Nearly three months after he was forcibly removed from office, the Honduran President Manuel Zelaya has reinvigorated his quest to return to the presidency by secretly returning to Honduras. His return has reignited tensions and set the stage for mass demonstrations, curfews, and even violence. The final showdown has begun.
Zelaya and his great rival, the interim president Roberto Micheletti, are both convinced they represent the best path for returning Honduras to democracy, stability and economic growth. Neither appears shy about embracing tough measures to advance their respective points of view.
But whatever he has done, Zelaya has been unable to garner enough internal support or external pressure to facilitate his return to the presidency. Now he is betting that he can mobilise enough support on the streets to force Micheletti to the negotiating table.
Micheletti, on the other hand, has proven to date that his government can withstand international economic pressures, diplomatic isolation and domestic strife. He appears ready to use a heavy hand to force Zelaya to answer to his alleged crimes of corruption and trying to change the constitution to allow him to run for another presidential term. Zelaya will have international backing and his supporters in the streets; Micheletti has the business and political elite and the armed forces.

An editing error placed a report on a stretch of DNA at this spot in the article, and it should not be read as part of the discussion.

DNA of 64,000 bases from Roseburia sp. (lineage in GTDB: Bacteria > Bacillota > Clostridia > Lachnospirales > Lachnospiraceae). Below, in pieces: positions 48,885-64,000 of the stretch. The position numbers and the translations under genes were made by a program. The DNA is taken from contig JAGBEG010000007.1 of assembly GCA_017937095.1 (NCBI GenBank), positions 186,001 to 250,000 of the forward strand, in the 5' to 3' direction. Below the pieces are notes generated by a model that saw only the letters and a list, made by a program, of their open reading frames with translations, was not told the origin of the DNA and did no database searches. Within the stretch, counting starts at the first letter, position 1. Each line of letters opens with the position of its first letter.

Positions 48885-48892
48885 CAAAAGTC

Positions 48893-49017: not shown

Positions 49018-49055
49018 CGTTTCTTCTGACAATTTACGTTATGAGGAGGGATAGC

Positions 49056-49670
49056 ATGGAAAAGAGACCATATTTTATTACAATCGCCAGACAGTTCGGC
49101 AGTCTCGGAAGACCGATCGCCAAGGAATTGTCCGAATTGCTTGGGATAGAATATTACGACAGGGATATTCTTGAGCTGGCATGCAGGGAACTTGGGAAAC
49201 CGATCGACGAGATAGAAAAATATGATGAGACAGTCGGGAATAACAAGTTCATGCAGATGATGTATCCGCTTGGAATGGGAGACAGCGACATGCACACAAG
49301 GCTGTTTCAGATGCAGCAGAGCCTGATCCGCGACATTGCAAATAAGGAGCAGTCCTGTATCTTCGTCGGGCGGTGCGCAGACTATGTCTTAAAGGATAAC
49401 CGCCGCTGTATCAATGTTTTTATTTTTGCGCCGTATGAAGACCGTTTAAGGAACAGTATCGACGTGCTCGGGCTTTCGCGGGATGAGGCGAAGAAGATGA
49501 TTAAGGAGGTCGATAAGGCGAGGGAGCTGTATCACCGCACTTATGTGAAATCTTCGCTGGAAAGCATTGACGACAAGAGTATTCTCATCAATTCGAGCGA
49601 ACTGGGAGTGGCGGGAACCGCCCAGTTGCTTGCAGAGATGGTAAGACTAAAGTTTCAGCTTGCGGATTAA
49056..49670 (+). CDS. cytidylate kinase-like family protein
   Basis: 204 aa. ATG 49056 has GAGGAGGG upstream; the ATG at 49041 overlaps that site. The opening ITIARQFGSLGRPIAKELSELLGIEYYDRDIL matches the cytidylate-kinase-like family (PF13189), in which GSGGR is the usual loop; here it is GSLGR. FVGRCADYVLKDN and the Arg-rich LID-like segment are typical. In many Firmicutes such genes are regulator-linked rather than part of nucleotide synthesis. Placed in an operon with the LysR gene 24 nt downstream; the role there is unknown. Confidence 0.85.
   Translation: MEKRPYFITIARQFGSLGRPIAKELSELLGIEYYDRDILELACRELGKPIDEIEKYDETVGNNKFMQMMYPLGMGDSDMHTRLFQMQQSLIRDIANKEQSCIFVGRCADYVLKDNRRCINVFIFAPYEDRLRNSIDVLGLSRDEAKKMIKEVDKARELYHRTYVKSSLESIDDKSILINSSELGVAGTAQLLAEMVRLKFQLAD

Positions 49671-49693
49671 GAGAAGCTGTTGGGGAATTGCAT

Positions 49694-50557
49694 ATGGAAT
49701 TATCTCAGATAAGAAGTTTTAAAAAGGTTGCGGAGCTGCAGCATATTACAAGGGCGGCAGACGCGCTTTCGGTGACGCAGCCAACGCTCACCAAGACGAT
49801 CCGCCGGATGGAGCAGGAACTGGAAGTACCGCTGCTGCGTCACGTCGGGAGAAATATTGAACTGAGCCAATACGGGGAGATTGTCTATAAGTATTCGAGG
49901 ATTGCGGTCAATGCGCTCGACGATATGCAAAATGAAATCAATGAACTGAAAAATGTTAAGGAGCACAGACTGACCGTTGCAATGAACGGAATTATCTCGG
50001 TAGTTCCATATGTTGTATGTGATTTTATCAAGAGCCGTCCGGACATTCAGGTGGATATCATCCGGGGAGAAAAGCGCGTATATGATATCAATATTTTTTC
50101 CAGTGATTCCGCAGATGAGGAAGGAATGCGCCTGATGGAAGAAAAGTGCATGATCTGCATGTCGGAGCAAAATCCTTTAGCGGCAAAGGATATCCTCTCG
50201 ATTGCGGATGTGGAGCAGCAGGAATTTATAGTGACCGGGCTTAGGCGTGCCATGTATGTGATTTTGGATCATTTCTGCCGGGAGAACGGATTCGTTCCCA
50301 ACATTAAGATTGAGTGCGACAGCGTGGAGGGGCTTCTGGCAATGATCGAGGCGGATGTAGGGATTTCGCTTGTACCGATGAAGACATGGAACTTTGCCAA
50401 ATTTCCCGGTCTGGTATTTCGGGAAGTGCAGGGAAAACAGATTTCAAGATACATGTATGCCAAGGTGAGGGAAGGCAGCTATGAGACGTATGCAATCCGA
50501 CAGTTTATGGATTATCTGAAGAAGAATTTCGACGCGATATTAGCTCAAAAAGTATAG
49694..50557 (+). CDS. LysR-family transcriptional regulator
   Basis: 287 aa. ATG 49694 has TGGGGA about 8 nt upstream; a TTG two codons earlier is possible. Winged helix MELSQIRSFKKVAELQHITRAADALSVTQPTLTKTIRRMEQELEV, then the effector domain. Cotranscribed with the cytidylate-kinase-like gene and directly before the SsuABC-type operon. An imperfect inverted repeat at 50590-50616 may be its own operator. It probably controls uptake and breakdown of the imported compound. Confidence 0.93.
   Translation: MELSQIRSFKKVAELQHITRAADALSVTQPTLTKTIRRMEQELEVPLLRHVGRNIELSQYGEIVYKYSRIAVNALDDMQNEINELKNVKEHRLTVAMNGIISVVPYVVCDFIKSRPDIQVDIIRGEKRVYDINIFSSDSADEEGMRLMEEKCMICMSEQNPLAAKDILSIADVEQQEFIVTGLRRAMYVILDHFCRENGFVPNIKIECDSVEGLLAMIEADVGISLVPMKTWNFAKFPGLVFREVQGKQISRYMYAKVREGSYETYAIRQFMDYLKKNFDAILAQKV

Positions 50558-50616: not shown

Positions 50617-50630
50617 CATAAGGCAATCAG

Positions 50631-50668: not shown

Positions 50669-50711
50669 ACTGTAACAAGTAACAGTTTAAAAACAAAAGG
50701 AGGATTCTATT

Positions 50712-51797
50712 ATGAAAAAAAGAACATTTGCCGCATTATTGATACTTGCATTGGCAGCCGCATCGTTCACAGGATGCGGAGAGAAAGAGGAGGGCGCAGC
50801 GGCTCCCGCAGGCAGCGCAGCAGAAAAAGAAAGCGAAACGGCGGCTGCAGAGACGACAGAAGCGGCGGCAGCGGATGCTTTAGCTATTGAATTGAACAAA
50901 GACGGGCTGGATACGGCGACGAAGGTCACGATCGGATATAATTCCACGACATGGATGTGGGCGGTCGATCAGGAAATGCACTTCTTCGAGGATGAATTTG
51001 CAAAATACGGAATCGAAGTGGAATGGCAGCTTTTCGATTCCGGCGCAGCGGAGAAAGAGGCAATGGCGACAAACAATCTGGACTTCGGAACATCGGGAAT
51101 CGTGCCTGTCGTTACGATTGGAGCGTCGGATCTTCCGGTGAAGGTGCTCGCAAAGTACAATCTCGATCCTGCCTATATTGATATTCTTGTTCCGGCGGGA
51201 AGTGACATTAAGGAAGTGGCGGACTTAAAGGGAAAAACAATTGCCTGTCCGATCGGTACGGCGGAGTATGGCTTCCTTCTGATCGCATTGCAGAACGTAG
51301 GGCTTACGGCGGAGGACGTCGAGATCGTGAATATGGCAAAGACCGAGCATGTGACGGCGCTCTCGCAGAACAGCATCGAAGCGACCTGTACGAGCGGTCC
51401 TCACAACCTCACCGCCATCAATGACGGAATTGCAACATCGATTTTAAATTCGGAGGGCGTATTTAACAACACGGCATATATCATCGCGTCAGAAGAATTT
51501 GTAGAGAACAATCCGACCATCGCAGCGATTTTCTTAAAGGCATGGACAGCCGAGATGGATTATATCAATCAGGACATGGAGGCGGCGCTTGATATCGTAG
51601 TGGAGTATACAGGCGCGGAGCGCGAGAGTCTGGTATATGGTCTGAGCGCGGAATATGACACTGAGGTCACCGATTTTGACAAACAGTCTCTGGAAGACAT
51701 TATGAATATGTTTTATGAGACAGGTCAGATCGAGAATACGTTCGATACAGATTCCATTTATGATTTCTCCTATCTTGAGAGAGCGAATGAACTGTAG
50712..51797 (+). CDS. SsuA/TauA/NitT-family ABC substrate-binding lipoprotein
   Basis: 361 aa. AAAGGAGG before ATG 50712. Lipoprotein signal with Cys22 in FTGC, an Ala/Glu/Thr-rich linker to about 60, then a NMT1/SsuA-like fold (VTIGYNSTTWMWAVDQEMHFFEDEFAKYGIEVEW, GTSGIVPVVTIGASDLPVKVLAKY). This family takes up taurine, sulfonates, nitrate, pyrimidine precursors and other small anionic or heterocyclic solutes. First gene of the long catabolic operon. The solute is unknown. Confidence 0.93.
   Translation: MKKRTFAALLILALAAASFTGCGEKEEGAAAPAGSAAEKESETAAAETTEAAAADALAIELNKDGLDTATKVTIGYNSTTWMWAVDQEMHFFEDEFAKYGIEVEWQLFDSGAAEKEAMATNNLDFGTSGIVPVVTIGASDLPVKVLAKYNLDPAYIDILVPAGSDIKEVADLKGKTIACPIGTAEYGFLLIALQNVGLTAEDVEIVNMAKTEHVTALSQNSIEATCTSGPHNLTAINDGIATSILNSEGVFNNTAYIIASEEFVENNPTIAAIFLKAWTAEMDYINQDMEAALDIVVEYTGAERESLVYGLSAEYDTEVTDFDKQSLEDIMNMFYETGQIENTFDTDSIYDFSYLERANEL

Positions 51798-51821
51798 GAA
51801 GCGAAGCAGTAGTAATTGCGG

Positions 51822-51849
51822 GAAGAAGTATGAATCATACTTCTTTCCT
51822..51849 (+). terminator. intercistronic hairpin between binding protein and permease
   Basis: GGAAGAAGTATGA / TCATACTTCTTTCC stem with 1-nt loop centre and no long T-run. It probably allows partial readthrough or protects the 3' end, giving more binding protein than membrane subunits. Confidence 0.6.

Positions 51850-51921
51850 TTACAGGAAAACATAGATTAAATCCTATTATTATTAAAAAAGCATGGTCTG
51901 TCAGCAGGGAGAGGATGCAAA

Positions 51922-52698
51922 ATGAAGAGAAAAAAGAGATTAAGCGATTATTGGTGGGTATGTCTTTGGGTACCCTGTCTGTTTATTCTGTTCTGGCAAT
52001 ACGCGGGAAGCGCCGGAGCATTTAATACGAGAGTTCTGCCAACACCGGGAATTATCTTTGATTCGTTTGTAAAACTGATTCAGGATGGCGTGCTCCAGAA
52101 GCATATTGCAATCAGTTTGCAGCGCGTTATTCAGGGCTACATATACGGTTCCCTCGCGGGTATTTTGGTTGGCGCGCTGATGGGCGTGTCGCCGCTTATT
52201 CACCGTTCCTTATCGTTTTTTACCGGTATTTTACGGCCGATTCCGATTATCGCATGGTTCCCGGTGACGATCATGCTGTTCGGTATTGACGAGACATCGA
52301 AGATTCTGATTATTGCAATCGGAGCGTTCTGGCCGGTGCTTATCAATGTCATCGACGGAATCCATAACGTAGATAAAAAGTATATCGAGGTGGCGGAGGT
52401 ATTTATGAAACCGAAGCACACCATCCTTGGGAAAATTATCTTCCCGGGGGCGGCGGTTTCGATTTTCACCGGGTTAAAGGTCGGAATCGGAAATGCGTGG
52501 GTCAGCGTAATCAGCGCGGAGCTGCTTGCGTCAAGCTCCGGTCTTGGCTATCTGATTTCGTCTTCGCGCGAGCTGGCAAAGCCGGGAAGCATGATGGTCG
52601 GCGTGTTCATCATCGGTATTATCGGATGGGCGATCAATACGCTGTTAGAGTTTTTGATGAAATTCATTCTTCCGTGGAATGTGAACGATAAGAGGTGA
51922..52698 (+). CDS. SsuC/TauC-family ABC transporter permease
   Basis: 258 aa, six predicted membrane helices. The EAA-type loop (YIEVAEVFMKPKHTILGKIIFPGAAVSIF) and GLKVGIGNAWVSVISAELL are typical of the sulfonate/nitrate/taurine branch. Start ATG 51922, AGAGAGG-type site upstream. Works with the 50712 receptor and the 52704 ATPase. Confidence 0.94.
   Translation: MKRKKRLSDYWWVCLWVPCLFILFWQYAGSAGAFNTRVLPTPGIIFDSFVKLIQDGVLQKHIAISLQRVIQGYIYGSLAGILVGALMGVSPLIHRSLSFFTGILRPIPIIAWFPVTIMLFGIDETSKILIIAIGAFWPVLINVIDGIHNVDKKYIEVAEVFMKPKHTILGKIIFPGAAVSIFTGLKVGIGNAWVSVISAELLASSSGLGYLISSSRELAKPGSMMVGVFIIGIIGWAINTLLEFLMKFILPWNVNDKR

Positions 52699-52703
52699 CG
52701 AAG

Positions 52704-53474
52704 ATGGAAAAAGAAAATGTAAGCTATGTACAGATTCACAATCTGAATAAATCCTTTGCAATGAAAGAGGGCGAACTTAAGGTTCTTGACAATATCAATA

But the government cannot impose security measures on the country indefinitely without alienating its supporters. The situation could very well escalate into a battle for the streets.
Sadly for Hondurans, this political crisis erupted during an economic slowdown that has hurt the poor. Meanwhile, an expanding network of organised crime is challenging the institutional integrity of the government and provoking violence. In their battle to advance their own ambitions, Zelaya and Micheletti have only hurt the country by distracting it from the battles it needs to be fighting.
Heather Berkman is a Latin America associate at the global political risk consultancy Eurasia Group